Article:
Varela et al v. Perez et al, No. 2:2008cv02356 - Document 188 (D. Ariz. 2011)

Court Description: ORDER granting 172 Motion for Summary Judgment; granting 173 Motion for Summary Judgment. Having resolved all claims in favor of all defendants, IT IS ORDERED that the clerk shall enter final judgment. (See document for full details). Signed by Judge Frederick J Martone on 3/24/11.(LAD)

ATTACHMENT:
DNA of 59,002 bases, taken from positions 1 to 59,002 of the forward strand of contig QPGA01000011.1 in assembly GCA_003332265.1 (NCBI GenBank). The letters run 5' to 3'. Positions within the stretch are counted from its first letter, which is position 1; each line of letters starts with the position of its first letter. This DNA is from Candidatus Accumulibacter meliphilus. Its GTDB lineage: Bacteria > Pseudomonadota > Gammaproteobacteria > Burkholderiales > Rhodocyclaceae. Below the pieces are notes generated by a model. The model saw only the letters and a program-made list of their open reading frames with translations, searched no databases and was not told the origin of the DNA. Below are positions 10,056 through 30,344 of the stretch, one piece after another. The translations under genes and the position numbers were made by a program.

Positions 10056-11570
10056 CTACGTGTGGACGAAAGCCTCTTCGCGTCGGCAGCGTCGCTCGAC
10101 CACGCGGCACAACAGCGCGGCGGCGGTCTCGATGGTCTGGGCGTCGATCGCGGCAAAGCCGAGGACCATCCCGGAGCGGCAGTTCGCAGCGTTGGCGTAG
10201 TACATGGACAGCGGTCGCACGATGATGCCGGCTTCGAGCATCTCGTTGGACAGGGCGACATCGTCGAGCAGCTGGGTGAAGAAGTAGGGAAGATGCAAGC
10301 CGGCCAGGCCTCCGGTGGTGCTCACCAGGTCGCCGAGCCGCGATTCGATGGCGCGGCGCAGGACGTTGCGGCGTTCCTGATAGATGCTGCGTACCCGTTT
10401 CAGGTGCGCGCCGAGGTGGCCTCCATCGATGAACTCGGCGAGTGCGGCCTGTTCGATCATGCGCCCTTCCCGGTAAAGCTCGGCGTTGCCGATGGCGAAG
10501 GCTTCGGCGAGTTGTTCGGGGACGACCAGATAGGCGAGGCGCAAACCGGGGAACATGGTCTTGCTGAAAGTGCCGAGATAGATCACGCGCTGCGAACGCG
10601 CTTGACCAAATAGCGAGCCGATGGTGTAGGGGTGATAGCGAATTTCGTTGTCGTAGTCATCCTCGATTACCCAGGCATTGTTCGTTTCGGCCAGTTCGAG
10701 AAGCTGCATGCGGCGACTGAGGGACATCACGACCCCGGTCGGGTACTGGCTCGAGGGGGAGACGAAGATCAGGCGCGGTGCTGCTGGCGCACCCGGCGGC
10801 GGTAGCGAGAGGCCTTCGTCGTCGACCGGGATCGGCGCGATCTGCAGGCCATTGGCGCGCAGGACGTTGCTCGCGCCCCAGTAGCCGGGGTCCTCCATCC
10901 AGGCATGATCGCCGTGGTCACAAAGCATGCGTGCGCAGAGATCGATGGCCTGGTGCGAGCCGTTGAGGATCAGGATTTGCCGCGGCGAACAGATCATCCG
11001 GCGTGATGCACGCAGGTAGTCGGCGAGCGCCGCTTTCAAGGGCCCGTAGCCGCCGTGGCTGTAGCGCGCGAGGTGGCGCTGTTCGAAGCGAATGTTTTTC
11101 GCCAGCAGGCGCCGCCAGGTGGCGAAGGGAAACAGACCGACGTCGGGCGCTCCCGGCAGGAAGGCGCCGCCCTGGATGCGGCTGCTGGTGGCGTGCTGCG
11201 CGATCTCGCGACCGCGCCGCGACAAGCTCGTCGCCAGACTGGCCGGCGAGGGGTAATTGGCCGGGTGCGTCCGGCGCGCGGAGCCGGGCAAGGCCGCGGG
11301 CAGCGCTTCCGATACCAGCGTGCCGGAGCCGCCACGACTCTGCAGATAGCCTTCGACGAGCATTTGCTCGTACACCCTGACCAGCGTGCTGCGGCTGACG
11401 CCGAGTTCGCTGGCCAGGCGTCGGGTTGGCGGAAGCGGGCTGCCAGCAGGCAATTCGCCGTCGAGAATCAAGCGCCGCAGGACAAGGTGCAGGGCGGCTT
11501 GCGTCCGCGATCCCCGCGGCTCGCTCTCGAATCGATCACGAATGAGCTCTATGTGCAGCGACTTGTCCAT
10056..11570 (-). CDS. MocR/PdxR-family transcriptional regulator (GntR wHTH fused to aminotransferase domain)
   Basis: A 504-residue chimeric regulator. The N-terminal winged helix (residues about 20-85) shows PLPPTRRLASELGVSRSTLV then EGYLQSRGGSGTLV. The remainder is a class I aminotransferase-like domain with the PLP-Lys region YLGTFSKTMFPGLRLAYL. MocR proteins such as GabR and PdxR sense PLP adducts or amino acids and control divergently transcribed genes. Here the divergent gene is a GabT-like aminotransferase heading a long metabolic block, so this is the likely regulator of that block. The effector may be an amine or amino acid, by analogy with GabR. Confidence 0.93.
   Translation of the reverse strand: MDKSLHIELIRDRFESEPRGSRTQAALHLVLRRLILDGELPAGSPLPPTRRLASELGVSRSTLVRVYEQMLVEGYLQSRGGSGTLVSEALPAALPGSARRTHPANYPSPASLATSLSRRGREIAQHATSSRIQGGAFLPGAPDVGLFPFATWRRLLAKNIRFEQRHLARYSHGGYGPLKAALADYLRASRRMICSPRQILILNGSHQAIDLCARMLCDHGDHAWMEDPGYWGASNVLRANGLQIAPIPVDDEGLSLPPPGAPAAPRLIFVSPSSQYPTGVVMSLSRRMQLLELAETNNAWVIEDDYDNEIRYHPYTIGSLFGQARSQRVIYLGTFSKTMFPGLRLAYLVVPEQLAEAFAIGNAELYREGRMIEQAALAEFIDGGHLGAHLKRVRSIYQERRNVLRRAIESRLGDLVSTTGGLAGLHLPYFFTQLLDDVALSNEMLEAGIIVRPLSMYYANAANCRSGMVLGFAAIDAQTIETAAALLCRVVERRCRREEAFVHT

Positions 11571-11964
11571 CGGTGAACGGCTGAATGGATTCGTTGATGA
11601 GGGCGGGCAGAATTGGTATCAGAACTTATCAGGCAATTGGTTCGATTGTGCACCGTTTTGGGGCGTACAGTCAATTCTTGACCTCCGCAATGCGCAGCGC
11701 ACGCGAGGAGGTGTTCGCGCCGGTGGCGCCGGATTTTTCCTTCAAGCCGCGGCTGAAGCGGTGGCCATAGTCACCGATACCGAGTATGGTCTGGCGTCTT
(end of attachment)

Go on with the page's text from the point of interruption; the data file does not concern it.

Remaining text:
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Varela et al v. Perez et al 1 Doc. 188 WO 2 3 4 5 6 IN THE UNITED STATES DISTRICT COURT 7 FOR THE DISTRICT OF ARIZONA 8 9 Henry Varela Jr., Yulmha Varela, 10 Plaintiffs, 11 vs. 12 Sal Perez, et al., 13 Defendants. 14 ) ) ) ) ) ) ) ) ) ) ) ) No. CV-08-2356-PHX-FJM ORDER 15 16 17 The court has before it defendants Sal Perez and Raul Garcia’s motion for summary 18 judgment (doc. 173), plaintiffs’ response (doc. 179), and Perez and Garcia’s reply (doc. 184). 19 We also have before us the Yuma County defendants, John Bier, Sigifredo Casillas, Matthew 20 Catron, Roger Nelson, Robert Way, and Tom Varela’s (“Yuma County Defendants”) motion 21 for summary judgment (doc. 172), plaintiffs’ response (doc. 181), and the Yuma County 22 Defendants’ reply (doc. 187). 23 I 24 This action arises from the criminal investigation of plaintiff Henry Varela Jr. and his 25 son, Henry Varela III. The Varela father and son were in the business of building modular 26 housing panels and homes in Yuma, Arizona and Mexico. Varela Jr. is currently being 27 prosecuted in state court on a 27-count indictment charging him with defrauding his victims 28 by taking their deposits and failing to start or complete the construction projects. 1 Varela Jr. and his ex-wife, Yulmha Varela, filed a nine-count complaint, asserting 2 claims under 42 U.S.C. § 1983 and state law, against nineteen individuals, including a state 3 court judge, prosecutors, crime victims, county and federal law enforcement officers, and a 4 certified fraud examiner, alleging that they are the victims of an improper criminal 5 investigation and prosecution. We previously dismissed many of the defendants and claims 6 (doc. 94), leaving two § 1983 claims: Count 1 by Yulmha Varela against Yuma County 7 Sheriff Officers Perez, Garcia, and Bier, and Count 4 by Varela Jr. against Yuma County 8 Sheriff Officers Perez, Garcia, Bier, and Casillas, and Yuma County Attorneys Nelson, Way, 9 and Thomas Varela. The defendants now seek summary judgment on each of the claims. 10 II 11 The party moving for summary judgment has the initial burden of showing the 12 absence of evidence to support the non-moving party’s case. Anderson v. Liberty Lobby, 13 Inc., 477 U.S. 242, 250, 106 S. Ct. 2505, 2511 (1986). The burden then shifts to the non- 14 moving party to set forth specific facts demonstrating the existence of genuine issues for trial. 15 Fed. R. Civ. P. 56. The non-moving party must “produce specific evidence, through 16 affidavits or admissible discovery material, to show that the dispute exists.” In re Barboza, 17 545 F.3d 702, 707 (9th Cir. 2008); Fed. R. Civ. P. 56(c)(1). 18 The Federal Rules of Civil Procedure require that a party asserting that a fact is 19 genuinely disputed “must support the assertion by citing to particular parts of materials in the 20 record.” Fed. R. Civ. P. 56(c)(1). Our local rules further provide that in order to dispute an 21 opposing party’s statement of fact, the party must “reference [a] specific admissible portion 22 of the record supporting the party’s position.” LRCiv 56.1(b). 23 Here, plaintiffs’ memoranda filed in response to both motions for summary judgment 24 wholly fail to comply with the federal and local rules. Plaintiffs’ response memoranda 25 present conclusory arguments, general denials, and global citations to more than 200 26 statements of fact. Plaintiffs’ memoranda do not include a single citation to the “specific 27 paragraph in the statement of facts that supports assertions made in the [response].” LRCiv 28 56.1(e). Moreover, plaintiffs’ statements of fact fail to cite to the “specific admissible -2- 1 portion of the record” as required by the Rules. LRCiv 56.1(b). Instead of referencing 2 specific admissible portions of the record to support their claims, plaintiffs’ statements of fact 3 either make no reference to the record, or reference an entire document, without pinpoint 4 citations, leaving us with the task of scouring through hundreds of pages of record to 5 determine whether plaintiffs have met their burden. 6 In disregarding the Rules of Civil Procedure, plaintiffs have failed to satisfy their 7 burden of showing that a genuine issue of material fact exists as to any one of their claims. 8 Therefore, we grant defendants’ motions for summary judgment (docs. 172 & 173). We 9 nevertheless attempt to address each claim to the extent possible given the deficiency of 10 plaintiffs’ briefs. 11 III. Yulmha Varela 12 A. 2003 Search and Seizure 13 Count 1 of the amended complaint asserts § 1983 violations by Yulmha Varela against 14 Perez, Garcia, and Bier. She alleges violations of her right to be free from illegal search and 15 seizure, illegal detention, invasion of privacy, and deprivation of due process. Amended 16 Complaint ¶ 106. Ms. Varela now also alleges a violation of her first amendment right to 17 free speech arising from a search warrant executed in 2003. Nothing in the amended 18 complaint suggests that Ms. Varela was raising either a first amendment claim, or any claim 19 arising out of the 2003 search. The allegations in Count 1 relate only to the 2006 search. 20 Ms. Varela cannot assert new claims in a response to a motion for summary judgment, or in 21 amended responses to interrogatories. “[S]ummary judgment is not a procedural second 22 chance to flesh out inadequate pleadings.” Wasco Prods., Inc. v. Southwall Tech., Inc., 435 23 F.3d 989, 992 (9th Cir. 2006). 24 Even if we considered claims relating to the 2003 search and seizure, we would 25 nevertheless conclude that they are barred by the two-year statute of limitations. See A.R.S. 26 § 12-542(1). We reject plaintiff’s argument that defendants have waived a statute of 27 limitations defense because they failed to assert one in their answer. See Fed. R. Civ. P. 28 8(c)(1). A party cannot reasonably be expected to raise an affirmative defense to a claim that -3- 1 is not presented in the complaint. For all of these reasons, summary judgment is granted in 2 favor of defendants on Ms. Varela’s claims arising from the 2003 search and seizure. 3 B. 2006 Search and Seizure 4 On December 26, 2006, Henry Varela Jr. was arrested at his residence at 2150 S. 5 Chico Lane, Yuma, Arizona, and was charged with racketeering, fraud, and theft. The next 6 morning, on December 27, 2006, Yuma County Sheriff’s Office personnel executed a search 7 warrant at the Varela residence. Yuma County Sheriff Detective John Bier was en route to 8 assist in the execution of the warrant when he saw a red Cadillac Escalade make a U-turn as 9 it was approaching the Varela home. Det. Bier recognized the red Cadillac as the vehicle 10 regularly driven by plaintiff Yulmha Varela, Henry Varela Jr.’s wife. Bier believed that the 11 driver of the vehicle made the U-turn in an attempt to avoid contact with the law enforcement 12 officers present at the Varela residence. Bier stopped the vehicle and asked Ms. Varela to 13 return to the Varela residence. Once inside the residence, the officers searched Ms. Varela’s 14 purse and her vehicle. A useable quantity of methamphetamine and drug paraphernalia were 15 found in the vehicle and Ms. Varela was placed under arrest. Perez & Garcia SOF ¶¶ 22-24. 16 In Count 1 of the amended complaint, Yulmha Varela alleges that Perez, Garcia, and 17 Bier violated her constitutional rights by searching her vehicle and arresting her without 18 probable cause. Amended Complaint ¶ 102. In their motions for summary judgment, 19 defendants contend that they are entitled to qualified immunity on Ms. Varela’s claims 20 because their conduct did not violate clearly established constitutional rights. 21 Qualified immunity shields public officials “from liability for civil damages insofar 22 as their conduct does not violate clearly established statutory or constitutional rights of which 23 a reasonable person would have known.” Harlow v Fitzgerald, 457 U.S. 800, 818, 102 S. Ct. 24 2727, 2738 (1982). If a public official could reasonably have believed that his actions were 25 legal in light of clearly established law and the information he possessed at the time, then his 26 conduct falls within the protection of qualified immunity. Hunter v. Bryant, 502 U.S. 224, 27 227, 112 S. Ct. 534, 536 (1991). We first determine whether plaintiff has stated a prima facie 28 claim that the defendant violated her constitutional rights. -4- 1 Defendants Perez, Garcia, and Bier assert that the stop of Ms. Varela’s vehicle and 2 her brief detention inside her home during the search is not a valid basis for a fourth 3 amendment claim. They argue that they had a reasonable suspicion of criminal activity to 4 justify the brief detention because of her abrupt U-turn in an apparent attempt to avoid 5 contact with law enforcement officers at her house. See generally Terry v. Ohio, 392 U.S. 6 1, 30, 88 S. Ct. 1868, 1884-85 (1968). They further assert that Ms. Varela consented to the 7 search of her purse and car. Perez & Garcia SOF ¶ 19, County Defendants SOF ¶¶ 20, 26 8 (citing Det. Bier’s deposition testimony, Perez & Garcia SOF, ex. 9 at 92-94). 9 Plaintiff’s only response to this evidence is her general denial that she consented to 10 the search or seizure of her person or property, without citation to her statement of facts or 11 to the record. Response to Perez & Garcia MSJ at 5-6. In her response to Det. Bier’s 12 motion, she again generally denies that she gave her consent to the search and cites to 13 “Exhibit I.” Response to County Defendants MSJ at 4. But this reference is to a 66-page 14 document without a specific page citation. These responses fail to comply with the federal 15 and local rules of civil procedure requiring citation “to particular parts of materials in the 16 record,” Fed. R. Civ. P. 56(c)(1), including “refer[ence] to a specific admissible portion of 17 the record where the fact finds support.” LRCiv 56.1(b), (e). In failing to comply with the 18 rules, Ms. Varela has failed to satisfy her burden of showing a material issue of fact for trial. 19 Summary judgment is granted in favor of Perez, Garcia, and Bier on each of Yulmha 20 Varela’s claims. 21 IV. Henry Varela Jr. 22 A. Sal Perez, Raul Garcia 23 Perez and Garcia also argue that they are entitled to qualified immunity on each of the 24 claims asserted against them by Henry Varela Jr. The amended complaint only broadly 25 asserts claims of constitutional violations by Perez and Garcia, making it difficult to 26 understand the claims. It appears that the allegations against Perez arise from the execution 27 of a search warrant in 2003 and plaintiff’s arrest after marijuana was discovered during the 28 search. Perez & Garcia SOF ¶¶ 38-42. Plaintiff claims that Perez obtained the search -5- 1 warrant by misrepresenting to the judge that the residence belonged to plaintiff’s son. 2 Response at 3. But there is no citation to the statement of facts or the record to support this 3 position. Plaintiff also asserts that property was seized outside the scope of the search 4 warrant. Id. Again, there is no citation to any evidence to support this claim. He claims that 5 Perez “hid evidence favorable to Henry Varela Jr.” Id. Again, there is no citation to the 6 statement of facts or the record. Plaintiff’s response to the motion for summary judgment 7 is wholly insufficient to satisfy his burden of showing that a triable issue of material fact 8 exists. Summary judgment is granted in favor of Perez. 9 Plaintiff’s response to Garcia’s motion for summary judgment suffers similar 10 infirmities. Plaintiff asserts claims of illegal seizure of his person, illegal detention, and 11 deprivation of due process all arising out of his arrest in 2006. In his motion for summary 12 judgment, Garcia argues that plaintiff’s 2006 arrest was based upon a warrant, the sufficiency 13 of which has never been challenged. Perez & Garcia MSJ at 7. Without citing to his 14 statement of facts or any evidence in the record, plaintiff responds that Garcia “did not 15 provide a complete file to KLK Accounting and left out all evidence favorable to Henry 16 Varela, Jr.” Response at 4. But there is no description of the omitted evidence, except to say 17 that they were “financial documents which showed Henry Varela Jr. was not involved in the 18 day to day operation of the Yuma manufacturing plant.” Id. This is insufficient to even 19 allege that a constitutional violation occurred let alone successfully oppose a motion for 20 summary judgment. Garcia’s motion for summary judgment is granted. 21 B. John Bier, Matthew Catron 22 County Defendants argue that Varela Jr. acknowledged during his deposition that he 23 was making no § 1983 claim against defendants John Bier, Varela Jr. Depo at 65-67, or 24 Matthew Catron, id. at 67-68. Varela Jr.’s only response to this argument is his reference to 25 a psychologist’s statement that Varela, Jr. was experiencing an adverse reaction to his 26 medication at the time of his deposition and was therefore not competent to testify. PSOF, 27 ex. K. First, the psychologist’s opinion is of little evidentiary value given that he did not 28 examine Varela Jr. until 60 days after his deposition. Moreover, we rejected this argument -6- 1 when we granted defendants’ motion to strike Varela Jr.’s deposition correction form and 2 denied his “abusive attempt to use Rule 30(e)” to change his deposition testimony (doc. 183). 3 Summary judgment is granted in favor of John Bier and Matthew Catron. 4 C. Sigifredo Casillas 5 Plaintiff alleges that Detective Sigifredo Casillas violated his right to be free from 6 illegal arrest because Casillas was present when Varela Jr. was arrested, and because Casillas 7 transported him to jail. Varela Jr. Depo at 69-71. Defendants argue that this limited 8 participation in the arrest is insufficient to state a § 1983 claim for false arrest. Plaintiff does 9 not respond to this argument. Therefore, summary judgment is granted in favor of Casillas 10 on this claim. 11 Plaintiff also argues that Casillas violated his constitutional rights when he traveled 12 to Mexico to gather evidence and interview witnesses in connection with the ongoing 13 criminal investigation of plaintiff’s business practices. 14 investigation in Mexico violated Mexican law and that therefore it also violated his 15 constitutional rights. This argument fails for several reasons. Plaintiff believes that the 16 First, a violation of Mexican law does not translate into a violation of the United 17 States Constitution. Second, Det. Casillas testified that he did obtain permission from 18 Mexican authorities to enter Mexico in order to conduct the investigation. 19 Defendants SOF ¶¶ 47-55. Plaintiff’s statement (without citation to the record) that Casillas 20 “[d]id not contact Federal authorities,” Plaintiff’s Obj. to DSOF ¶ 48, does not create an issue 21 of fact as to whether Casillas had permission to investigate. Finally, plaintiff fails to identify 22 what constitutional provision protects him from being the subject of a criminal investigation. 23 Plaintiff has failed to raise any material issue of fact to show that Det. Casillas’ 24 criminal investigation in Mexico of Varela, Jr.’s business activities violated any clearly 25 established constitutional rights. Summary judgment is granted in favor of Casillas. 26 County D. Roger Nelson, Robert Way 27 Varela Jr. alleges that Deputy Yuma County Attorneys Roger Nelson and Robert Way 28 violated unspecified constitutional rights by interviewing two potential witnesses prior to his -7- 1 2006 criminal indictment and by failing to timely disclose the content of those witnesses’ 2 interviews. A prosecutor is entitled to absolute immunity from a civil action for damages 3 when he performs a function that is “intimately associated with the judicial phase of the 4 criminal process.” Imbler v. Pachtman, 424 U.S. 409, 430, 96 S. Ct. 984, 995 (1976). These 5 protected functions include prosecuting and presenting the state’s case. Id. at 431, 96 S. Ct. 6 at 995. 7 On or about December 8, 2006, Nelson and Way interviewed Bruce Crowe. County 8 Defendants SOF ¶ 63. Sometime between the Spring of 2006 and March 2007, Nelson and 9 Way interviewed Bob Dressler. Id. ¶ 65. On March 15, 2007, during the preparation of the 10 state’s case against Varela Jr., Robert Way disclosed Bruce Crowe and Bob Dressler as 11 witnesses, including a mitigation statement made by Bruce Crowe. Id. ¶ 66. Plaintiff’s 12 general reference to the Dressler and Crowe affidavits, Plaintiff’s Obj to DSOF ¶ 66, does 13 not contradict this statement, or otherwise raise a triable issue of fact. 14 Plaintiff’s only response to the motion for summary judgment is that “Nelson and 15 Way presented testimony to Yuma County grand juries which they knew was not supported 16 by the evidence to obtain an indictment and incarcerate Henry Varela, Jr.” Response at 4. 17 But not only does he make no citation to the record, he makes no attempt to describe the 18 challenged testimony. This is wholly insufficient to raise a triable issue of fact. Moreover, 19 even if Nelson and Way had failed to timely disclose evidence of witnesses Crowe or 20 Dressler, there is no showing that the lawyers were acting in anything other than their 21 prosecutorial capacities, and thus are entitled to absolute immunity. 22 23 Summary judgment is granted in favor of Roger Nelson and Robert Way. E. Tom Varela 24 Varela Jr. also alleges that Deputy Yuma County Attorney Tom Varela violated his 25 constitutional rights by traveling to San Felipe, Mexico in 2005 and providing information 26 concerning his criminal prosecution to plaintiff’s business associates. Tom Varela moves for 27 summary judgment, arguing that plaintiff has failed to identify any acts or omissions on the 28 -8- 1 part of Tom Varela that deprived him of his constitutional rights, and failed to identify what 2 constitutional rights were violated. County Defendants’ MSJ at 8, 11-12. 3 Plaintiff’s only response to Tom Varela’s motion for summary judgment is his 4 statement that “Tom Varela traveled to Mexico to rest [sic] the business away from Henry 5 and put him in jail on false evidence produced by him,” making only general references to 6 “Exhibit P, the affidavit of German Garduno” and “Exhibit D, the affidavit of Bob Dressler.” 7 Response at 4. He states that “[t]he violations as described in the statement of facts are of 8 constitutional dimensions.” Id. But there is no reference to which statement of facts. This 9 response fails to comply with the requirements of Rule 56(c), Fed. R. Civ. P., and LRCiv 10 56.1(b), and is wholly insufficient to overcome a motion for summary judgment. Summary 11 judgment is granted in favor of Tom Varela. V. 12 13 14 15 16 17 18 19 IT IS ORDERED GRANTING Sal Perez and Raul Garcia’s motion for summary judgment (doc. 173). IT IS FURTHER ORDERED GRANTING the County Defendants’ motion for summary judgment (doc. 172). Having resolved all claims in favor of all defendants, IT IS ORDERED that the clerk shall enter final judgment. DATED this 24th day of March, 2011. 20 21 22 23 24 25 26 27 28 -9-